Nina Pham, first person to contract Ebola in US, arrives in Maryland

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The first nurse to be diagnosed with Ebola after treating an infected Liberian man at a Dallas hospital arrived in Maryland Thursday night.

For the first time, we're hearing from the healthcare worker in Dallas who became the first person to contract Ebola on U.S. soil. Nina Pham, 26, was treating Thomas Eric Duncan at Texas Health Presbyterian Hospital in Dallas before his death.

Texas Health Presbyterian officials said Wednesday that Pham was in good condition.



Video was taken before Pham was transported to Maryland for treatment. Her treating physician, Dr. Gary Weinstein, recorded the conversation with her. According to the hospital, Pham asked that the video be shared.

In the video, she's being thanked by Dr. Weinstein for being part of the volunteer program. With a smile, she then tells everyone in her room, "Come to Maryland, everybody."



The National Institutes of Health said in a statement that Pham was being taken from Texas Health Presbyterian Hospital in Dallas to a NIH center in Bethesda, Maryland. The NIH facility has one of four isolation units in the United States.

Pham arrived by plane in Maryland Thursday night.

As Pham left the Dallas hospital in an ambulance about 6 p.m. Thursday, dozens of nurses cheered and waved signs bearing messages of affection and good wishes. She was taken to Dallas Love Field, where she boarded the same executive jet used to fly a co-worker to an Atlanta hospital on Wednesday. The jet took off shortly after 7 p.m.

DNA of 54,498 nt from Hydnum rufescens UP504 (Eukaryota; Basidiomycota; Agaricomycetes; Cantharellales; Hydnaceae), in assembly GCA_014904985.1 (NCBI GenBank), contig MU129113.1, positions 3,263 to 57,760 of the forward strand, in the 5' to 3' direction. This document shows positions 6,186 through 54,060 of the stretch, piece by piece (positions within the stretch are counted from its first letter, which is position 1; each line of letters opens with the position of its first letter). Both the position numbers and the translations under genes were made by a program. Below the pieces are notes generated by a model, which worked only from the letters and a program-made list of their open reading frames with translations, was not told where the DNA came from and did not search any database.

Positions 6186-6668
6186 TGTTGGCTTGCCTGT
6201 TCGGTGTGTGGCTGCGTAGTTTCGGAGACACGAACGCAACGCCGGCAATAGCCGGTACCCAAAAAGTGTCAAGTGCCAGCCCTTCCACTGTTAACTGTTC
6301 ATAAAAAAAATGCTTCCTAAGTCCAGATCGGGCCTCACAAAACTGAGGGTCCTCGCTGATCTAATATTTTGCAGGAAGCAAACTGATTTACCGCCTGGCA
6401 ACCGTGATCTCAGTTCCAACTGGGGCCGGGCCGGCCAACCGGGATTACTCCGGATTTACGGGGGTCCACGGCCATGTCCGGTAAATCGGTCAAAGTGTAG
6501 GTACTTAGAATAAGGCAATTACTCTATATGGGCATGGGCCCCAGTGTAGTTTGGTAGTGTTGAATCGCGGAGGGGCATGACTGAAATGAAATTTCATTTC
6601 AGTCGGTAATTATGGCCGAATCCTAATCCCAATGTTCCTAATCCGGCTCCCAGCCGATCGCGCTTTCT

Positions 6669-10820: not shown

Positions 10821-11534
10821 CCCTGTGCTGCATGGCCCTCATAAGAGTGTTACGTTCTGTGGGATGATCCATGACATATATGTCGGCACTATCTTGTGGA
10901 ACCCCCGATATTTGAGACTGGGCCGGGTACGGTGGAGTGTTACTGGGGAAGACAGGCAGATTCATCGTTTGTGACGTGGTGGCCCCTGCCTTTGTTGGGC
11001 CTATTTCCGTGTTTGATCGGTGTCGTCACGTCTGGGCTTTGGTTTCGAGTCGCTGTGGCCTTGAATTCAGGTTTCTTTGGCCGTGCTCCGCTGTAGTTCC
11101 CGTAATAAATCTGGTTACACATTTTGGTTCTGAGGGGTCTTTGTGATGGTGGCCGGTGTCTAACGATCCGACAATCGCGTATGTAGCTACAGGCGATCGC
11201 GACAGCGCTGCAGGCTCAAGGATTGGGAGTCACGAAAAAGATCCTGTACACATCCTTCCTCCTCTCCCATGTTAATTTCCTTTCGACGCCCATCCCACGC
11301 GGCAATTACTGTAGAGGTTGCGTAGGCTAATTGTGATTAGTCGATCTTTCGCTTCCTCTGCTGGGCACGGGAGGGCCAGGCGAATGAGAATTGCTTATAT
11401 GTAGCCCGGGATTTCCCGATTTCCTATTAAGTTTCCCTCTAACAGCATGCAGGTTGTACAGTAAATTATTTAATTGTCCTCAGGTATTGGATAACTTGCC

Hospital spokesman Wendell Watson said Pham's transfer is necessary because numerous employees are being monitored for symptoms and aren't available to work.

Pham will receive care from an NIH staff specializing in infectious disease and critical care, according to the NIH statement.


A second nurse who tested positive, 29-year-old Amber Joy Vinson, has been transferred to a biohazard infectious disease center at Emory University Hospital in Atlanta.

Pham and Vinson were involved in providing care to Thomas Duncan, who died of Ebola last week at Texas Health Presbyterian.

They wore protective gear including face shields, hazardous materials suits and protective footwear as they inserted catheters, drew blood and dealt with his body fluids. Still, the two somehow contracted Ebola.


Federal health officials said Thursday they still don't know how the nurses caught the virus from Duncan.

Pham was flown to Frederick Municipal Airport in Frederick, Maryland, a small airport about 35 miles northwest of the NIH. State police, the city and the county are coordinating to ensure she has a quick trip to the hospital, Frederick City Police Lt. Clark Pennington said Thursday.

KTRK and The Associated Press contributed to this report.

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